How Fearless Publisher Krishantha Cooray Helped Save the Life of an Abducted Journalist During the Rajapaksa Regime: A Heartfelt Birthday salute by a Grateful Colleague and Friend.

By Keith Noyahr

Many have been my blessings over the past 15 years after a fresh lease of life afforded me in 2008. Spending quality time with my family including my grandchild more recently as well as attending spiritual retreats, with the latest ending on Australia Day long weekend, have been standouts.

Retreats are a time to reflect on life and the mysterious workings of God in one’s life. It was definitely the mercy of God that afforded me a fresh lease of life after my abductors were hellbent on literally silencing me after torture.

God works on earth through angelic as well as human beings through their acts of goodness – the essence of God. At Christmas, the angels announced, “Glory to God on high and peace to men of goodwill”. Hence, a good person irrespective of their faith is already inclined towards God.

Here’s a tribute to my friend and former boss, Krishantha Cooray, who celebrates his birthday with his young family on 1st February. He was forced to flee Sri Lanka when the authorities attempted to frame unfounded charges against him in another case, which I don’t hope to discuss here. Rivira CEO Krishantha was a marked man ever since his vociferous local and international campaign to get me released. Even after my release, The Nation, for which I wrote a controversial weekly defence column, kept on the pressure to bring to book those responsible for my abduction and torture.

On that fateful 2008 National Heroes Day, when Krishantha and my colleagues visited my distraught family, our 10-year-old daughter shook him saying, “Uncle Krishantha you have to bring my Thaththi back”. Moved by compassion, Krishantha wasted no time and spared no effort to bring me back.

He made a beeline to the Dehiwela police station to forcefully demand information of my whereabouts as the local police had previously visited me to establish my new address. He simultaneously contacted his friend Dr Hans Wijesuriya, the then Dialog CEO, to establish my location through phone towers. After establishing the area of my safehouse, he again literally went the extra mile, fearlessly driving towards the location.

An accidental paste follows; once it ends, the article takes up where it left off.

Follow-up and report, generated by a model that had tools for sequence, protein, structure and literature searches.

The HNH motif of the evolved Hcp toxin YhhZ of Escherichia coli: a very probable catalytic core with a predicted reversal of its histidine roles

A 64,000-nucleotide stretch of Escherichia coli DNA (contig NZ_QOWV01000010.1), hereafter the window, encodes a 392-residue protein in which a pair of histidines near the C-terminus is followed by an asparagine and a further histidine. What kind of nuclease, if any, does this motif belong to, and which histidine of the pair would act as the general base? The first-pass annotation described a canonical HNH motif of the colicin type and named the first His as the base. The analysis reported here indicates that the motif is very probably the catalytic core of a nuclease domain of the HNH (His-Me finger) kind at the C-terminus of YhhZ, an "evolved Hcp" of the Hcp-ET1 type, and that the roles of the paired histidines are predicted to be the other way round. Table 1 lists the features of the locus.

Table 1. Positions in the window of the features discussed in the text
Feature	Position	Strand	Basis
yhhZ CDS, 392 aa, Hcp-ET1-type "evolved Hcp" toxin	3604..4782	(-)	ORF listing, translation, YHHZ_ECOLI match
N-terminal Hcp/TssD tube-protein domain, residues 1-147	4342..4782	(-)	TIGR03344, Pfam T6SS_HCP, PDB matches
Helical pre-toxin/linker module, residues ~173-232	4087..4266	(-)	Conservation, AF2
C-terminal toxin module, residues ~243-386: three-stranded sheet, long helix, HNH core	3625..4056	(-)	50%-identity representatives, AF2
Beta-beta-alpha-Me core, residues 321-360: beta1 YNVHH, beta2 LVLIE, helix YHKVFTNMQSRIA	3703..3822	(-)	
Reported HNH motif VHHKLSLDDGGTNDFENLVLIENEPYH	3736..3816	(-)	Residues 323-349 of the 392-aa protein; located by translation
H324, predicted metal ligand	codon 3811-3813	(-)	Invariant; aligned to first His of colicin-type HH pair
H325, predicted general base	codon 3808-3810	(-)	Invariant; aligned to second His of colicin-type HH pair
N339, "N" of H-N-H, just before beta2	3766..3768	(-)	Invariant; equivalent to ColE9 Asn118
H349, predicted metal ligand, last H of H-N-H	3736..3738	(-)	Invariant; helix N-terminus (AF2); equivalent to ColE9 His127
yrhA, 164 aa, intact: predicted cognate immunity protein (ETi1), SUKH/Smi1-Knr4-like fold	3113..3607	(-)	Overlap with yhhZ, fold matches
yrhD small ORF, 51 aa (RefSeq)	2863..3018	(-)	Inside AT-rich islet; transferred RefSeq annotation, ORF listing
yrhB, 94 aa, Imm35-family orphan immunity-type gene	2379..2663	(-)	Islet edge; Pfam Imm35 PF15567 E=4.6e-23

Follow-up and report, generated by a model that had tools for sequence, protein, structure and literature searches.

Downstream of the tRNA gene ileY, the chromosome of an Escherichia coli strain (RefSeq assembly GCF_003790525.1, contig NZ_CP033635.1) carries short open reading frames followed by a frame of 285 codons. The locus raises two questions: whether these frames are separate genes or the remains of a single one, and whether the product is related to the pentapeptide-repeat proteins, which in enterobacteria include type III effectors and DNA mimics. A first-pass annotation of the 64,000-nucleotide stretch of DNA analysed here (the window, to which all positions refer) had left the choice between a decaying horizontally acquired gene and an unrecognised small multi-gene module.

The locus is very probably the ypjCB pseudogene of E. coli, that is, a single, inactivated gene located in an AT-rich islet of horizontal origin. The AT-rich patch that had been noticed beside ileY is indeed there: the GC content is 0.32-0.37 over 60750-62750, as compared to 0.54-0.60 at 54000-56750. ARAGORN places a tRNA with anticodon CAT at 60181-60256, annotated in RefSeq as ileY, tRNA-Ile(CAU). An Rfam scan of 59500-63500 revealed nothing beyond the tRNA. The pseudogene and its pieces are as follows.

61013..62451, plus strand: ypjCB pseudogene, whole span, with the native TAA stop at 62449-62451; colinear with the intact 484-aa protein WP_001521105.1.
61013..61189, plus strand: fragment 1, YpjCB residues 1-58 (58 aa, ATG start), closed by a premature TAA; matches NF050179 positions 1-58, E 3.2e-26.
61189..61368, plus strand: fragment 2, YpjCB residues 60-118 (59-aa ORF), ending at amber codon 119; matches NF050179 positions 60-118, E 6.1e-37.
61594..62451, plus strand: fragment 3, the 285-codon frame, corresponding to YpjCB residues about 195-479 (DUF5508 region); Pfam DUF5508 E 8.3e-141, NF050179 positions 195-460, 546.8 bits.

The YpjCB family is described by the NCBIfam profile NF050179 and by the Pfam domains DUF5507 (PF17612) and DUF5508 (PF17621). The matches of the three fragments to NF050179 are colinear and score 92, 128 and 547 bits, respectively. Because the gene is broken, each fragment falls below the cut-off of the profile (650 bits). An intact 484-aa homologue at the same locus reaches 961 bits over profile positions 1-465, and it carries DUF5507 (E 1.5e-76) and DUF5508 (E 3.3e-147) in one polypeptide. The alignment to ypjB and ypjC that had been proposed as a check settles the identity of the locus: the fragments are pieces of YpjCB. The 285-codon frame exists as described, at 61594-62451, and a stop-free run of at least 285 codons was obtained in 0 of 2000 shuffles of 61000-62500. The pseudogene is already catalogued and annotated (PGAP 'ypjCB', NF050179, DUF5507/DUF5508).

He used his influence to get Cabinet Minister Karu Jayasuriya request President Mahinda Rajapaksa to have me released. He even requested Jayasuriya to pull out of a government given its dismal human rights record.

This degree of goodness by a man driven to establish a relatively new media house that he helped nurture so painstakingly with great business acumen was incredible. Krishantha proved himself a bold publisher to break into a saturated print media market by starting The Nation, edited by Lalith Allahakkoon and Rivira, edited by Upali Tennakoon before adding a third title, The Bottom Line, edited by Nisthar Cassim.

Few publishers would have dared to boldly empower their editors to take on the authorities at that time and fewer publishers would have stood for their staff the way Krishantha did. He was a fearless human being ready to sacrifice his media outlet, his own position, his financial stakes and even his life.

Yet, in an eloquent YouTube tribute to slain Sunday Leader Editor Lasantha Wickrematunge to mark the latter’s 13th death anniversary, Krishantha humbly recognised that Lasantha was the most fearless editor/media person in Sri Lanka. He called on professionals to stand up for their own members as that was the only way to speak truth to power. With ink in his veins, Krishantha has been a prolific writer and political analyst over the decades.

The Nation newspaper, headed by Lalith who had pioneered many English newspapers, was a thorn in the flesh of the then Rajapaksa administration. The Rajapaksas gradually made inroads into the media company by buying controlling shares through an ally. Krishantha, Lalith and his great team were disbanded. The Nation eventually died a natural death.

Exactly 200 years ago in 1824, Field Marshall Arthur Wellesley, famed for defeating the great French warrior Napoleon at Waterloo, posed the famous challenge, “Publish and be damned”. The Nation, published by Rivira Media, headed by Krishantha was up to the challenge in the face of an invincible government that ruled with an iron fist. After Napoleon’s abdication, Wellesley had a hero’s welcome and was elevated to the highest peerage as the Duke of Wellington. He went on to become the Prime Minister of England twice.

Krishantha Cooray went on to become the Chairman of Lake House Newspapers, the largest publishing house in Sri Lanka, and during his tenure he ensured his editors enjoyed freedom and independence like never before in the state-run media group.

Had it not been for a boss who had my back, I would have been among the dead. I salute you for this. Best wishes Krishantha on your birthday and the year to come.

(The writer was Associate Editor at The Nation at the time of his abduction)